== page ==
In this third installment of Learn Computers Series we will cover broad troubleshooting techniques. From errors messages to hardware issues we will cover what you need to know to be better able to tackle any issue that comes your way.
Everyone should be able to learn basic troubleshooting techniques for their PC which will enable you to better fix your own issues and prevent costly runs to the your local geek or computer store for help. So how hard is it to troubleshoot your own PC? It’s easier than you would think.
There are two main kind of issues your PC can have: hardware and software. Hardware issues are where a physical component of the machine stops functioning properly or at all. Software issues are everything else, from OS error messages to applications crashing. So how can you tell the difference? That can be difficult depending on how the issue presents itself and what the symptoms are. However generally I troubleshoot the software first, unless its obvious its hardware.
Software Troubleshooting Procedures:
Watch for Changes/Updates
The rule of thumb for software issues is look out for updates and always note when issues occur and what changes were last made to the PC. Did the sound stop working after the last Windows update? The sound card may have had a driver update and you want to check it’s settings and your output settings. If you most recently installed a program, try uninstalling it to see if it returns things to normal.
Read The Error Message/Search Online/Reinstall
If a piece of software starts to act up and crash pay attention to the error messages and look for solutions online. Although many messages can be cryptic, many messages can contain vital clues to whats really going on. Use these as keywords and phrases in online searches for quick answers! If that doesn’t return anything useful, try searching for a description of what causes the error.
If your issue seems to not have a straight forward answer, try uninstalling and reinstalling the affected software to clear out it’s configuration. If it gives the option be sure to remove all settings during the removal. This will better ensure any rogue settings do not stay installed on your machine.
Last resort, use your OS’s system restore to change its settings back to the way it was before the issue started happening. This should fix all non-OS issues for you if you can’t find a specific setting causing the problem.
So what if you try all the above and the problem still persists and is severe such as no video output, no sound, does not boot and cannot find the operating system etc? Then you may have a hardware issue.
Hardware Troubleshooting Procedures:
Generally if you think you are having hardware issues the easiest answer is to replace the hardware. However what about when things are a bit more challenging and unknown? Then the best way to proceed is to search online for similar symptoms and see what parts may need replaced. If you have another PC around the best bet is to swap parts until you find what ‘breaks’ the other PC. Unfortunately without space parts or another test PC you are more likely to have to buy parts you don’t need to go visit your local geek or PC shop.
If you must replace parts, only replace what you think may be broken. If RAM disappears, either the RAM stick died or the motherboard slot may have gone bad. No need to replace the power supply or hard drive.
Though rare, it could be an issue with the hardware firmware. Generally I don’t check this myself, but for completeness I want to mention it. Although technically software, firmware/driver/BIOS/EFI is low level code that makes the device function. This means updating your BIOS/EFI and searching your device manufactures websites for firmware updates and install procedures. Your SSD may be acting up but did you know you can update or reflash it’s firmware? Also your motherboard may also have chipset drivers to be updated. Remember that more than just your applications need updates sometimes!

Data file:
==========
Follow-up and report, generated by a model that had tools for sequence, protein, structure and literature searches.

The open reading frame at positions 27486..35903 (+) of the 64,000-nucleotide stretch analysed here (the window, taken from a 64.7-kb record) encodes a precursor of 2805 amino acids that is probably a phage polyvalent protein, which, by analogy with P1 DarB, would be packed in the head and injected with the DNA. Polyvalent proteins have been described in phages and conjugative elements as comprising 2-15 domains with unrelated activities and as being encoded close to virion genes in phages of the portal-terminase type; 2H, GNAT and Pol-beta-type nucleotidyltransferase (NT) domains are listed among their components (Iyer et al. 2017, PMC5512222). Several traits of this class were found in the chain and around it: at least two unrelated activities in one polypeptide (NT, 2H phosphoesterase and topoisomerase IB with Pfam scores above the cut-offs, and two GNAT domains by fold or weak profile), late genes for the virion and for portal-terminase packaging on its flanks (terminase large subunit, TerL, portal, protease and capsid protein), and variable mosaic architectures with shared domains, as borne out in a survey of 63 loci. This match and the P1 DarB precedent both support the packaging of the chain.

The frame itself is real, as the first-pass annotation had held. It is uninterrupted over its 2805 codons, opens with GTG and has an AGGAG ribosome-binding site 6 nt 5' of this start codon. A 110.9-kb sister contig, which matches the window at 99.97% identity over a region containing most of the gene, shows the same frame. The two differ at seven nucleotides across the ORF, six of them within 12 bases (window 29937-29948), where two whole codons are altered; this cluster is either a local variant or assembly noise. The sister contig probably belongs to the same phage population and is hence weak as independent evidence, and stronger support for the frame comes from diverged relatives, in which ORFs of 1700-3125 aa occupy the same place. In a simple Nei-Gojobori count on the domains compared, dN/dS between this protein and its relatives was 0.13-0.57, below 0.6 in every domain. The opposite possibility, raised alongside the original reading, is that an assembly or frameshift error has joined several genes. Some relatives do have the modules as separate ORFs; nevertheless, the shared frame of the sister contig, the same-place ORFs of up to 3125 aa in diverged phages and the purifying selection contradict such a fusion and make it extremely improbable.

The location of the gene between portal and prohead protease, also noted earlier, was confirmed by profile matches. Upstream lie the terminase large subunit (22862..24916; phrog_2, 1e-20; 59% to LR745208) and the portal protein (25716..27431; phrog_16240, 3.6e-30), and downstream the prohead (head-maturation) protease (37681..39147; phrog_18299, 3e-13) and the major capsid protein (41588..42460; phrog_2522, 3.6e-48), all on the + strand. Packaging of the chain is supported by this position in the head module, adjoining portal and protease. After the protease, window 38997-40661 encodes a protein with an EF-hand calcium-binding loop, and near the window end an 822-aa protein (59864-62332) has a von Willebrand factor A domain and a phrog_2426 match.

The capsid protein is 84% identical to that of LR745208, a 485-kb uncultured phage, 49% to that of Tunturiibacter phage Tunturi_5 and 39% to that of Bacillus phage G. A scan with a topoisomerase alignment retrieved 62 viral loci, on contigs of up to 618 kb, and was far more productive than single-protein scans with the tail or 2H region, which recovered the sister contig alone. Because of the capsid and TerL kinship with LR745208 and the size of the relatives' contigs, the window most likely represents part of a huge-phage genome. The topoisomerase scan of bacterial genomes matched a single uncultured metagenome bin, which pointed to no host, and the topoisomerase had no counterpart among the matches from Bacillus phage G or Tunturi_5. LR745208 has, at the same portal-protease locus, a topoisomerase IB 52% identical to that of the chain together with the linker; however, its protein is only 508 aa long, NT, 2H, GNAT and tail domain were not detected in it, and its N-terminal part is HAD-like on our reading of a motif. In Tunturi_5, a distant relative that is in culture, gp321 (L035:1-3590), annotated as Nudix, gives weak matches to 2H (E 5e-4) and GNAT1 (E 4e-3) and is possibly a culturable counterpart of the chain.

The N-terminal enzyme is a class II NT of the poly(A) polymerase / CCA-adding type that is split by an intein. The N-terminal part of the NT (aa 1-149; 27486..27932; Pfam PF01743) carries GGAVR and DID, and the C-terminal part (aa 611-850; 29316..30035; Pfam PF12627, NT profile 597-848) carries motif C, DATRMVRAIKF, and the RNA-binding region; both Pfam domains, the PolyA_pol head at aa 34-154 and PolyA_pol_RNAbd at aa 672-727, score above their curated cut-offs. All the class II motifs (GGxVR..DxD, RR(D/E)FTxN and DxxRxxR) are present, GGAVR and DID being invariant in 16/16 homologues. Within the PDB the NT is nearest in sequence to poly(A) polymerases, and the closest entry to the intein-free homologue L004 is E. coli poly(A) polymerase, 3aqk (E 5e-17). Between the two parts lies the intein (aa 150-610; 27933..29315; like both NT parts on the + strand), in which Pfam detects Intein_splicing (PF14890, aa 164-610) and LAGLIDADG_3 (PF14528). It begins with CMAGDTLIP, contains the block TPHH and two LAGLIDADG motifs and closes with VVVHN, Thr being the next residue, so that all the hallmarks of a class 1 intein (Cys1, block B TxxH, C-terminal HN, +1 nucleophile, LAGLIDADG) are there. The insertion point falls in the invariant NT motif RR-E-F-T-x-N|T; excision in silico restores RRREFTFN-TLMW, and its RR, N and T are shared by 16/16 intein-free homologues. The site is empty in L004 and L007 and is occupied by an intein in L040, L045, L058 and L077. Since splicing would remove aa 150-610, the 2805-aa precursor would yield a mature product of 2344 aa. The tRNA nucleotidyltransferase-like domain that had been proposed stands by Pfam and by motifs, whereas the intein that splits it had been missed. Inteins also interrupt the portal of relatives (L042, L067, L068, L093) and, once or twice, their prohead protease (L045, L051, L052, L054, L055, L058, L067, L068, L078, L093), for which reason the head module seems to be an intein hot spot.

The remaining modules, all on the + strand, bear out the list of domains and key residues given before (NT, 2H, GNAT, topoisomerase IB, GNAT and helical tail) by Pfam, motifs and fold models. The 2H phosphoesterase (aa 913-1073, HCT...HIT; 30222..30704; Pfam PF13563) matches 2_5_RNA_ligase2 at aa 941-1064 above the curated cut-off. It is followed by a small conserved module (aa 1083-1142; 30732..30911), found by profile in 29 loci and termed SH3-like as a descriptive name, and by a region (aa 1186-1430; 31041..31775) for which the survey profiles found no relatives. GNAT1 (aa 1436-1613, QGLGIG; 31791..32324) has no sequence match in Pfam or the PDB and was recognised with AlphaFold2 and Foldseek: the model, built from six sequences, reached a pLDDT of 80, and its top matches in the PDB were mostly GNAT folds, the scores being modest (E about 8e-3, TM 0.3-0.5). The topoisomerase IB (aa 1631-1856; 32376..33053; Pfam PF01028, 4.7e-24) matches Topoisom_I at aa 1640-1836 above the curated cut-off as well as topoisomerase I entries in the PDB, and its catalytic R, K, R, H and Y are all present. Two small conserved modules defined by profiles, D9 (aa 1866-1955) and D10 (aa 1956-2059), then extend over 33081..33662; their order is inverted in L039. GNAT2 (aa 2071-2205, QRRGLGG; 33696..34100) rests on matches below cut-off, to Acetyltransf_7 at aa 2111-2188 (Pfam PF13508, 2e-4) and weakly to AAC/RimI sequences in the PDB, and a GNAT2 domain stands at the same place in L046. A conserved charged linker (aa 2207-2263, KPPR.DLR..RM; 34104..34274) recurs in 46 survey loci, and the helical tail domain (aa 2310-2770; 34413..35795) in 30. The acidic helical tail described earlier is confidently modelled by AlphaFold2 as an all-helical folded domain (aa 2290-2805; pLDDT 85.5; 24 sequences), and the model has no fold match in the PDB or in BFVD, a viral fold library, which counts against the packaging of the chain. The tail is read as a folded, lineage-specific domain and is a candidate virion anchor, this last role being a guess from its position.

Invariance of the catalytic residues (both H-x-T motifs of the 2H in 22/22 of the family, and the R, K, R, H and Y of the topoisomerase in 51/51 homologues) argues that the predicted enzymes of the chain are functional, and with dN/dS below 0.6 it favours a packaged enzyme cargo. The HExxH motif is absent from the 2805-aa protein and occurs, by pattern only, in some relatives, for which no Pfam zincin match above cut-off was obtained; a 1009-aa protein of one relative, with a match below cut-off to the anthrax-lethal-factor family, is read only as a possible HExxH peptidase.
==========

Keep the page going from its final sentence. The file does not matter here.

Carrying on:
Use Diagnostic Software
If all else fails and you can’t pinpoint the issue software may help. Random crashes or system shut down due to overheating or blank screens could be monitored via software. Your graphics card manufacture may give you tools to view temps of your graphics card so you can watch it’s temps while in use. The same with CPU’s although I have only looked for third party software.
HWMonitor by CPUID helped me identify a faulty motherboard when a PC build would crash randomly. It allowed me to watch voltages and temps of the items installed(CPU/GPU/Chipsets). From the software I noticed that the northbridge was running hot and after it hit a certain temp it crashed. Knowing this I was able to rule out the CPU.
You can also use your OS’s system event logs to view things that happened right before the error. This may help pinpoint what failed by looking at the errors right before the log ends or stops showing problems at the time of the experienced issue.
Final Tip: Use Logic, Common Sense and Don’t Be Afraid To Try
When searching for answers you may feel dumb for asking certain questions or looking in the wrong place. However you shouldn’t let this get in the way. Just use logic and common sense to help guide you through the questions you want to ask and search for to find the most useful answer. If it sounds possible and your PC is exhibiting similar symptoms to what you find online, there is a good chance it could be caused by the same thing. In the very least it never hurts to try. Along these lines almost every problem you will experience has probably been experienced by someone else before and should have some sort of information available online about how to fix it. Many answers may ask you do to things you are uncomfortable doing or are afraid to do. As long as you have back ups and the drive to solve issues yourself, don’t let the fear get in your way of learning.
You can do this!